Hello my darlings! It’s always a happy-happy-joy-joy-day when I can visit my friends Callie and Tenille here on the Cookin’ Cousins! Today we are dawning our bright frilly aprons, putting giant fluffy flowers in our hair and bustin’ out the rick-rac embellished calculators to show you how to save real money!  Welcome to Gravy and Sauce Mix basics. I can’t stop bouncing! I’m so excited to show you how to save some cash-oh-laa, add some flavor, and have convenient mixes that are practical enough to use every day. Now that I have my three-prong thesis statement out of the way. Are we ready to begin?

The first mix I want to share is a real money saving tool.

A single packet of gravy mix at the grocery store averages about 70 cents. Sometimes more or less on sale. My main concern isn’t always saving money. The other side of the mixes is that they usually taste so flat and have a list of ingredients ten miles long. The gravy mix I use is also a base for soups. It can be used for beef stew or sausage biscuit gravy. It’s simple enough to just add water (or milk for creamy soup) and cook on the stove. It also, ironically, costs just a few pennies to make. My small batch yields 2 cups of mix. That’s about double the amount of gravy than what the average store-bought variety will provide. Oh…and for double the amount, you’re looking about 12 cents per mix. If you made that a 1 cup serving…it would be 6 cents. Pennies. Oh. Did I also mention that it is gluten free?!

Chef Tess Basic Gluten Free Gravy Mix
 1/4 cup cornstarch or Ultra gel 1T plus 1tsp beef or chicken stock granules, MSG free (make sure it’s labeled gluten-free)
1T onion powder or Honeyville Freeze Dried onions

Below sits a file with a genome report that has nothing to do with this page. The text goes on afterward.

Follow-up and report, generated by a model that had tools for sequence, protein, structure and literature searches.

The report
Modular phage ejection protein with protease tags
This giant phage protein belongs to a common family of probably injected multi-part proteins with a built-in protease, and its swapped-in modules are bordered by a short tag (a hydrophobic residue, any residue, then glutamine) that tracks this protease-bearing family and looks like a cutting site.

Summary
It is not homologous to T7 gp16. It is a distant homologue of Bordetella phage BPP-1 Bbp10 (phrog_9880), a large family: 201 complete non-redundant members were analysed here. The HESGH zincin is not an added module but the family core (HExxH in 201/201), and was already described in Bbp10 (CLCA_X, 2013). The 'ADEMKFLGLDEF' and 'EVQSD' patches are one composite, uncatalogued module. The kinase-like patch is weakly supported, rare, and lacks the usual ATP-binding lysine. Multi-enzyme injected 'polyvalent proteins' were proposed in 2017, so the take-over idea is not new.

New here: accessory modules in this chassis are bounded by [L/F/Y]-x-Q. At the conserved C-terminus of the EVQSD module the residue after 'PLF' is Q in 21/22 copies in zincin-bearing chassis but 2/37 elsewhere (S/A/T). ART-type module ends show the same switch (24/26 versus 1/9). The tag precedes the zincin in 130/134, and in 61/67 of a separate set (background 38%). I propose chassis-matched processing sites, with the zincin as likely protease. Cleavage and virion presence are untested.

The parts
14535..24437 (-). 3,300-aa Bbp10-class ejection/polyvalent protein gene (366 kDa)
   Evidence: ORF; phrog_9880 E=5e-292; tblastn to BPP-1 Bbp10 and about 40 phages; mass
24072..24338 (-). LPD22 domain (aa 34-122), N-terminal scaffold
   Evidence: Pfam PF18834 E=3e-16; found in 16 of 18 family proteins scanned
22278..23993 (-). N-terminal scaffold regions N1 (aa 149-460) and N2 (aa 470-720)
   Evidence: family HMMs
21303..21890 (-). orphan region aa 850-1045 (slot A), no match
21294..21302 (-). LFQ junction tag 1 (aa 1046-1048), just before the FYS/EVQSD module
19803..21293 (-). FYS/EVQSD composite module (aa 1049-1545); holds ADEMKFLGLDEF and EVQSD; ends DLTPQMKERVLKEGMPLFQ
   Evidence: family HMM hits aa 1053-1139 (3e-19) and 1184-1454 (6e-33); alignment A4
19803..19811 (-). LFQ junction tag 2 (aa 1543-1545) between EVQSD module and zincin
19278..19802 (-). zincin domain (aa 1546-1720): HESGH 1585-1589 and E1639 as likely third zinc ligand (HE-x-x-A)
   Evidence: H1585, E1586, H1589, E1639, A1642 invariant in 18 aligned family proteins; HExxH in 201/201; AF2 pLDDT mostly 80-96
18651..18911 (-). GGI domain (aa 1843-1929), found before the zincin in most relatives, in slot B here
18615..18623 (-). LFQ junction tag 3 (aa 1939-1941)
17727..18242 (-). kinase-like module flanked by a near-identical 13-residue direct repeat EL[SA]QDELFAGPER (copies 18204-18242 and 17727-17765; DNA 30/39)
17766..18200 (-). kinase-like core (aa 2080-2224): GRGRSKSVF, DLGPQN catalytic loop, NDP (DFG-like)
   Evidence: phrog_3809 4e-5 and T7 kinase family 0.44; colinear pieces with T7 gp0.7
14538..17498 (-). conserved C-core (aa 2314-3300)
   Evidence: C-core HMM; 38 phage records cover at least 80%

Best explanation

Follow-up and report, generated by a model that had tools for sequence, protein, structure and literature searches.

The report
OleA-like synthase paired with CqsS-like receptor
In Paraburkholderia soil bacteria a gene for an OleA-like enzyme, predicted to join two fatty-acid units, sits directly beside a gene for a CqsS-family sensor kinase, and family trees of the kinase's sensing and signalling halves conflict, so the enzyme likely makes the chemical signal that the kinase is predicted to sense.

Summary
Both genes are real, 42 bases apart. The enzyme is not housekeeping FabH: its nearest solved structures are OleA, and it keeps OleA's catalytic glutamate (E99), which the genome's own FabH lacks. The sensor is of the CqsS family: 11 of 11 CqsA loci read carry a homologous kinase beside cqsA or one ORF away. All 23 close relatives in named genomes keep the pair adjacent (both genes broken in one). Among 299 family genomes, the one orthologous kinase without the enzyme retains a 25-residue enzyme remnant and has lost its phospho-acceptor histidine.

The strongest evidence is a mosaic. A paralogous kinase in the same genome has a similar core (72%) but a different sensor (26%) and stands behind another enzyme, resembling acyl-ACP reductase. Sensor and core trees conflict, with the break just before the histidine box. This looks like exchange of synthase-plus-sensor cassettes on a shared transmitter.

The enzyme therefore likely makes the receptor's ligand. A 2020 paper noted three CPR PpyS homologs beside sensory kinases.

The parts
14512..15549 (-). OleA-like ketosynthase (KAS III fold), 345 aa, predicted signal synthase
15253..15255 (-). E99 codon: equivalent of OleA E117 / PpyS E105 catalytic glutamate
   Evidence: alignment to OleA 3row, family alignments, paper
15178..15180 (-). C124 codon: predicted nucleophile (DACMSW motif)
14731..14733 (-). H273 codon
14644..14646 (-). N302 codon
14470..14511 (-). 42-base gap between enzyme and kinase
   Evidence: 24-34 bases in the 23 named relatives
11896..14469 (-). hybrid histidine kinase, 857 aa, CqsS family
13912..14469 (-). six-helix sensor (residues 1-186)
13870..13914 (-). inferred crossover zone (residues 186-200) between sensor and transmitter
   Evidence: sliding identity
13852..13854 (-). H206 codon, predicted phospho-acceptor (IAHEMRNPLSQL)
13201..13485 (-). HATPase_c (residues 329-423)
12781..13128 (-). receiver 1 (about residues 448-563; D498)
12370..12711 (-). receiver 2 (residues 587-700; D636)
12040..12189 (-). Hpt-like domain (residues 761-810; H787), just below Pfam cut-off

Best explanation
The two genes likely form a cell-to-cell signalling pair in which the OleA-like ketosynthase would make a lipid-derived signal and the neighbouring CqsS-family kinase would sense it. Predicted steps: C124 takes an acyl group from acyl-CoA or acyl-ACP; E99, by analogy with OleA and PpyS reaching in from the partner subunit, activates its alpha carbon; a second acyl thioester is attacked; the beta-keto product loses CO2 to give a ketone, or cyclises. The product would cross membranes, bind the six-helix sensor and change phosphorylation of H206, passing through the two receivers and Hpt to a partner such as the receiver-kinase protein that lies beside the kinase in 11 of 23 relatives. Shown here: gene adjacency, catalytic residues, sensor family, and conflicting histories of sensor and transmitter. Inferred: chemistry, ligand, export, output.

1 tsp chef Tess All Purpose seasoning
1 bay leaf
Mix Directions: Place all ingredients in a half pint seal able jar. Repeat as needed however many mixes you want to make. Please note, this mix makes 4 cups of gravy.

To prepare: Whisk mix with 4 cups milk or water (broth or stock if you omit the bullion). Simmer over medium heat stir occasionally 10-15 minutes.
Smaller Batch
yield 2 cups
2T cornstarch or Ultra gel
2 tsp beef or chicken bullion1 tsp onion powder
1/4 tsp Chef Tess All Purpose seasoning
To prepare small batches: Whisk mix with 2 cups stock or milk in a medium sauce pan with a heavy bottom. Simmer over medium heat 5 minutes for corn starch sauces, 10-15 minutes if you use flour.

Yankee Beef Pot Roast Gravy 
2 cups Honeyville Freeze Dried Diced Beef
1/4 cup ultra gel or cornstarch
1/4 cup  Honeyville Freeze Dried Mushrooms
1/3 cup Honeyville  Dehydrated onion
2 tsp beef bullion powder
1 tsp dehydrated minced garlic
1 tsp Chef Tess All Purpose Seasoning
1T Honeyville Tomato Powder
Pour the gravy mixture into a 2 quart pot. Add 4 cups of very hot water to the gravy mix. Whisk well.  Place on a stove and bring to a simmer 15-20 minutes. Turn off the heat and leave covered 5 additional minutes. Serve over baked potatoes or mashed potatoes.